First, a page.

European production starts to open up[addthis tool="addthis_inline_share_toolbox_p9bf"]
The pandemic has halted production around the world
The UK and Spain are among a clutch of European territories that have tentatively begun restarting television production, working in accordance with long lists of restrictions and protocols to protect against Covid-19.
The UK has been locked down since late March, but on Sunday its government gave the go-ahead for restrictions to be eased and for people to return to work where safe to do so.
A consultation on broadcasting and filming guidelines closes tomorrow, with long-running soaps Eastenders (BBC1), Emmerdale and Coronation Street (ITV) most urgently in need of returning to film.
The UK government has produced a 50-page document titled Our Plan to Rebuild: The UK Government’s Covid-19 recovery strategy that includes guidelines for returning to work.
Restrictions include maintaining at least a two-metre distance from anybody outside your own household, frequent handwashing and minimal face touching, and limiting the number of people with whom you come into contact.
A spokesperson for the Department for Digital, Culture, Media and Sport said: “The government is working closely with the screen sector to understand how different types of productions can comply with social-distancing guidelines and give confidence to people in the TV and film industries that there are safe ways in which they can return to work.”
In Spain, the local Film Commission has published an extensive list of guidelines for safe filming techniques as it too starts to relax its national lockdown.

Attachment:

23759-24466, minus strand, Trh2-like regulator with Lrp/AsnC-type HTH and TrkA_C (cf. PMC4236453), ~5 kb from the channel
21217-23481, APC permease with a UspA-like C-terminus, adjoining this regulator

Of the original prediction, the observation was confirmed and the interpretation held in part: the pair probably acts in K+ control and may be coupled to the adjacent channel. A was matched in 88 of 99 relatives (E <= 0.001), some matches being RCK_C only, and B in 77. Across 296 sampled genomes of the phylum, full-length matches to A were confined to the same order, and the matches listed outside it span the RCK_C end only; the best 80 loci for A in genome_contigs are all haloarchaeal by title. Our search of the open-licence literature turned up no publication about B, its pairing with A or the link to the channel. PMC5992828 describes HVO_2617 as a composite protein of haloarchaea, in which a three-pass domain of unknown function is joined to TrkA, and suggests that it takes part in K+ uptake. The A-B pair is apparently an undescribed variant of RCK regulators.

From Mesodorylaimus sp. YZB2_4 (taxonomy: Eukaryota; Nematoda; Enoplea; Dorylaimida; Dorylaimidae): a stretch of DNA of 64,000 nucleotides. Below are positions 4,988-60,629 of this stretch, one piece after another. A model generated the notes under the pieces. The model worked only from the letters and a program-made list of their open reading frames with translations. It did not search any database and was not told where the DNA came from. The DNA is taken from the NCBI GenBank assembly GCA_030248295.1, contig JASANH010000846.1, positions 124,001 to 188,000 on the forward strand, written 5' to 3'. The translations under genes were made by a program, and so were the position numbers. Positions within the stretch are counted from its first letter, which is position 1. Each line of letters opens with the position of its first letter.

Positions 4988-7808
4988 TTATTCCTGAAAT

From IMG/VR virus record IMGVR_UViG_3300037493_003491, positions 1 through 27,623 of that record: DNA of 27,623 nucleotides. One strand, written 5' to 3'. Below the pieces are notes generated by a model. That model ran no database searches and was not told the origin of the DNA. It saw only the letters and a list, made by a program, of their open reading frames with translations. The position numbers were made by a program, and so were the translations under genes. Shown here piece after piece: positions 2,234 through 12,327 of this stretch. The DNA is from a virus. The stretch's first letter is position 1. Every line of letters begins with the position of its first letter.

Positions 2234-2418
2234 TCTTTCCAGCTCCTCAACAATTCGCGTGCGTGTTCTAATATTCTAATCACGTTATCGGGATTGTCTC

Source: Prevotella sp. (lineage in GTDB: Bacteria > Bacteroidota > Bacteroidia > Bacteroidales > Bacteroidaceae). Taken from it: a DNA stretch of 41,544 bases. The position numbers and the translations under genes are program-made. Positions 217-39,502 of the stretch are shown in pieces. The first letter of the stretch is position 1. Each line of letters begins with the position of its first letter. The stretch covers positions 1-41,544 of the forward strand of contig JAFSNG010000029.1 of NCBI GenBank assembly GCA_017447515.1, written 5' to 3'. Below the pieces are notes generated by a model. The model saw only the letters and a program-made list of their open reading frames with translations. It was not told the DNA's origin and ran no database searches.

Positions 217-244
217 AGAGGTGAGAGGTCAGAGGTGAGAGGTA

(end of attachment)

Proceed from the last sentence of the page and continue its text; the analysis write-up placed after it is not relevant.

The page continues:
Since Monday, shooting has been permitted in the regions of the country where the virus has had a lower impact, but that does not include Madrid or Barcelona.
Filming where there is no direct contact between participants can begin, but all cast and crew must be tested two weeks before they return to sets and then isolate for the intervening period.
Strict cleaning regimes, PPE for everybody on set, daily temperature tests, and no sharing of phones, computers and physical scripts are among scores of regulations outlined by the government for safe practice.
Elsewhere in Europe, following the Czech Republic’s decision to open up to filming at the end of last week, Poland’s government has also given the green light for film and TV production to resume on May 18.
Poland had attracted 26 international projects since the start of 2019 with a 30% production cash rebate, prior to the pandemic and subsequent lockdown. Masks for film crews, social distancing and limits to the number of people allowed on set are among the regulations in place there.
Iceland has already restarted local filming, and with restrictions on international arrivals easing, it is hoping to start welcoming international productions back to the country from June 15.
A mandatory two-week isolation for anybody arriving in Iceland from abroad is currently in place, but from June 15 that will be replaced by a test upon arrival.